Designing sharing

Brief evening stopover at nef, for the launch of their latest report ‘Design for Sharing’ which looks at the rise of the sharing economy. Given I’m frequently driven to the conclusion that the biggest issue we face is how to resource social and environmental intiatives that need to happen but which will always struggle to turn a profit, this was a subject tapping into some recurring thoughts.

Anybody working in organisations with social or environmental aims today knows well enough that grant funding of all sorts is becoming more difficult to obtain. And it comes with larger demands placed upon it, both because of huge cuts in the supply of public sector funding and because of an increase in demand from organisations seeking investment.

As a different way at looking at the things – for sure doing good in the world requires some sort of ‘resource’. But it doesn’t always require cash. We can provide friendship, help, companionship and be very sure it will feel worthwhile. We can share what we own at no more cost than the loss of the use of our possessions for a while. We can volunteer our time, skills and energy. And, for some, digital networks are enabling  a lot more of this kind of time and asset sharing than has ever occurred before – creating what has been dubbed the ‘altruistic economy’ of social sharing.

But as the nef report points out there is plenty in the sharing economy which is not, as might be imagined, about stepping outside the cash economy. Instead, access instead of ownership characterises many of these businesses – with new ventures popping up to lend out, for a fee, cars, flats, music or even people. nef thinks much of this is problematic – the marketisation of ownership, for those who are already asset rich. Isn’t this just the further intrusion of monetization into social interaction? What I once would lend, I now hire. So EcoModo (lend your stuff for money) gets a thumbs down, though Streetbank (lend for free, and with a nice line in creating social connections) is a better idea. And TaskRabbit is ominously seen as the development of a contemporary form of domestic service, “neighbours” (read, people with more time on their hands than you) on-call to do your  shopping or run errands when, and only when, you need them done.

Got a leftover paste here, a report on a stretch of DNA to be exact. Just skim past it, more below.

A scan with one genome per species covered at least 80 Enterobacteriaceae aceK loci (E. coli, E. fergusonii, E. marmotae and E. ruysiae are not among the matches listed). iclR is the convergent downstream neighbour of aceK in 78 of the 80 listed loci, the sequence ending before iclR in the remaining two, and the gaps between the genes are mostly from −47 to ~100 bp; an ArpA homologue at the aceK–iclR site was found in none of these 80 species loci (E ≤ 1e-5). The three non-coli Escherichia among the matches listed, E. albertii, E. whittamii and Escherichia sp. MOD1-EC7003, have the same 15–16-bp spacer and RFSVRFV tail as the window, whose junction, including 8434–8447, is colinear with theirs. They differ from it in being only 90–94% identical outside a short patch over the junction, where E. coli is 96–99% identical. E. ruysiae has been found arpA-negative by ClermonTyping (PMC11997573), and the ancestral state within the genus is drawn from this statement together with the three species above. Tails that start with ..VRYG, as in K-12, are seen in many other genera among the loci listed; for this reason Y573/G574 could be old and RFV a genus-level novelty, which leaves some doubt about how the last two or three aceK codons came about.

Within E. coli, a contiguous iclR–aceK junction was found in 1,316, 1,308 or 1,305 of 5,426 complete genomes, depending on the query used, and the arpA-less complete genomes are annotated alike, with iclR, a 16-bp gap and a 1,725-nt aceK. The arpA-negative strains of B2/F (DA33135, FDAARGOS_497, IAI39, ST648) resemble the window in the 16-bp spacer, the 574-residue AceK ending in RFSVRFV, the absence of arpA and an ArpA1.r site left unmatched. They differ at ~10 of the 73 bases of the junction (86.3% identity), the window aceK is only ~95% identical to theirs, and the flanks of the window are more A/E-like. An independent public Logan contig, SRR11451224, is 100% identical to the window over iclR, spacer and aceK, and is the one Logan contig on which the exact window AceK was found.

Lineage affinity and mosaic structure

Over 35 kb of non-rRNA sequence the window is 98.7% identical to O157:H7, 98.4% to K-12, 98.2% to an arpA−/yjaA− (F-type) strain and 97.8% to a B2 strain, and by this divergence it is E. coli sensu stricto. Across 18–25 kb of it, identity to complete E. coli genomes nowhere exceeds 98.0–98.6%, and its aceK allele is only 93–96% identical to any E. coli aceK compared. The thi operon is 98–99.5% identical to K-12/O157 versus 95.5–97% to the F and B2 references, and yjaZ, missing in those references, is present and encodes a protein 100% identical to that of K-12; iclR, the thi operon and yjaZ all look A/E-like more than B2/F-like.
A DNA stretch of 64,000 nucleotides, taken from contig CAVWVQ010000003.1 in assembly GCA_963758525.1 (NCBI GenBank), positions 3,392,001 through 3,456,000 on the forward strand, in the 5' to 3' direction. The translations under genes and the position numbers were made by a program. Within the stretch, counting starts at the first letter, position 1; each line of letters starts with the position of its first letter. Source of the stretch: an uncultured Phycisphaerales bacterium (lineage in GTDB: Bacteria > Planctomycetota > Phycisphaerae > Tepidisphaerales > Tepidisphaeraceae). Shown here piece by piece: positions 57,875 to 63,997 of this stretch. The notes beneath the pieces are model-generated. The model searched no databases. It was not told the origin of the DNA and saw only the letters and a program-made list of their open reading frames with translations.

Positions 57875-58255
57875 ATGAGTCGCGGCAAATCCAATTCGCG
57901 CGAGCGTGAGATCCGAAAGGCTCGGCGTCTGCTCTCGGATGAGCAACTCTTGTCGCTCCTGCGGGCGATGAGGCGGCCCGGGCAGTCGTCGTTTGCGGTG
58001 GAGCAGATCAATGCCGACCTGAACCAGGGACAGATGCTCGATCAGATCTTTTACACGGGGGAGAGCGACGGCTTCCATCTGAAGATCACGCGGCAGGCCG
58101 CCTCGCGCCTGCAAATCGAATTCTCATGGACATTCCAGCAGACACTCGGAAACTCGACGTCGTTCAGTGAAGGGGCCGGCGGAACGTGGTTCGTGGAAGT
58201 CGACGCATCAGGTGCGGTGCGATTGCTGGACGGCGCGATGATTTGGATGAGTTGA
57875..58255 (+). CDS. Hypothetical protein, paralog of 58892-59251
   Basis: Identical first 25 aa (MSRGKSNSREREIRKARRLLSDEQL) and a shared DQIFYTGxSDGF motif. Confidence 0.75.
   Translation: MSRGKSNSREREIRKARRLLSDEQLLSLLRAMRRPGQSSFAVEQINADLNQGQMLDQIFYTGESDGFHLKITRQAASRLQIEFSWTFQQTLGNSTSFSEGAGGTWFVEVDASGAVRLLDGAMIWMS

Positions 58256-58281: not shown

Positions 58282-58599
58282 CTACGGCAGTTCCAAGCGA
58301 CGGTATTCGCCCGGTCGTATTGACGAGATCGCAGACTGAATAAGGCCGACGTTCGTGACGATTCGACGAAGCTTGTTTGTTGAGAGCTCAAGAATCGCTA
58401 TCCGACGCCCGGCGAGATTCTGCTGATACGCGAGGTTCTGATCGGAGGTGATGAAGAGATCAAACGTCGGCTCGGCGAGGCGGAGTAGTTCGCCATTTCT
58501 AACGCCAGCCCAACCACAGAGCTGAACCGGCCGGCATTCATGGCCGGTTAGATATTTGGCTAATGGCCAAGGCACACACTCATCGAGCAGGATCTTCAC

Other recent upstarts look more like existing business moving online, though in some – AirBnB, Uber – it’s true  this is accompanied by a big expansion in potential suppliers, as the costs and ease of renting rooms or giving lifts comes crashing down. Hence run-ins with incumbents whose means of earning a living are suddenly under threat. And what if easier access to rental cars or taxis means less incentive to use public transport, as nef claimed is happening?

I think some of this is a bit harsh. If access not ownership leads to less stuff per person, that does sound like progress towards more efficient consumption to me. Zipcar is fantastically convenient if you live anywhere near a docking spot, and feels like it could well be part of a city-scene that squeezes out car ownership. Or take nudie jeans – use and return for repair/re-use rather than use and throw. And are we reallty going to defend the right of London black cabs to drive around searching out fares in such an inefficient way – creating the biggest single source of air particle pollution in the city as they do?

But all this could become much much more interesting if networks arose on a much more lcoal level, for people to exchange goods, skills and time between themselves. Especially if these then connected with alternative currencies or linked to the existing idea of Time Banking. So an exchage payment is made, but in something other than the main currency of the economy. That would have the potential to bolster  local community resilience. And perhaps the most interesting question then, is what these new exchange options could do for life patterns – will they make it easier to ‘disengage’ with the mainstream economy, into a lcoal, alternative economy? And could people make that change? As an adjunct to existing life, out of choice? Or because of no other option? Could a large-scale uptake develop from a confluence between those for whom some form of alternative economic engaggement is a necessity, due to their exclusion from the mainstream employment market, and those for whom this is rather more of a choice –  the alternative economic acticvity of the Aftermath project.

As an indicator of the forces driving decentralisation and more localism – beyond just political sourness with Westminster or grandstanding celeb Mayors – the uptake of hyperlocal exchanges may be as good a measure as any.

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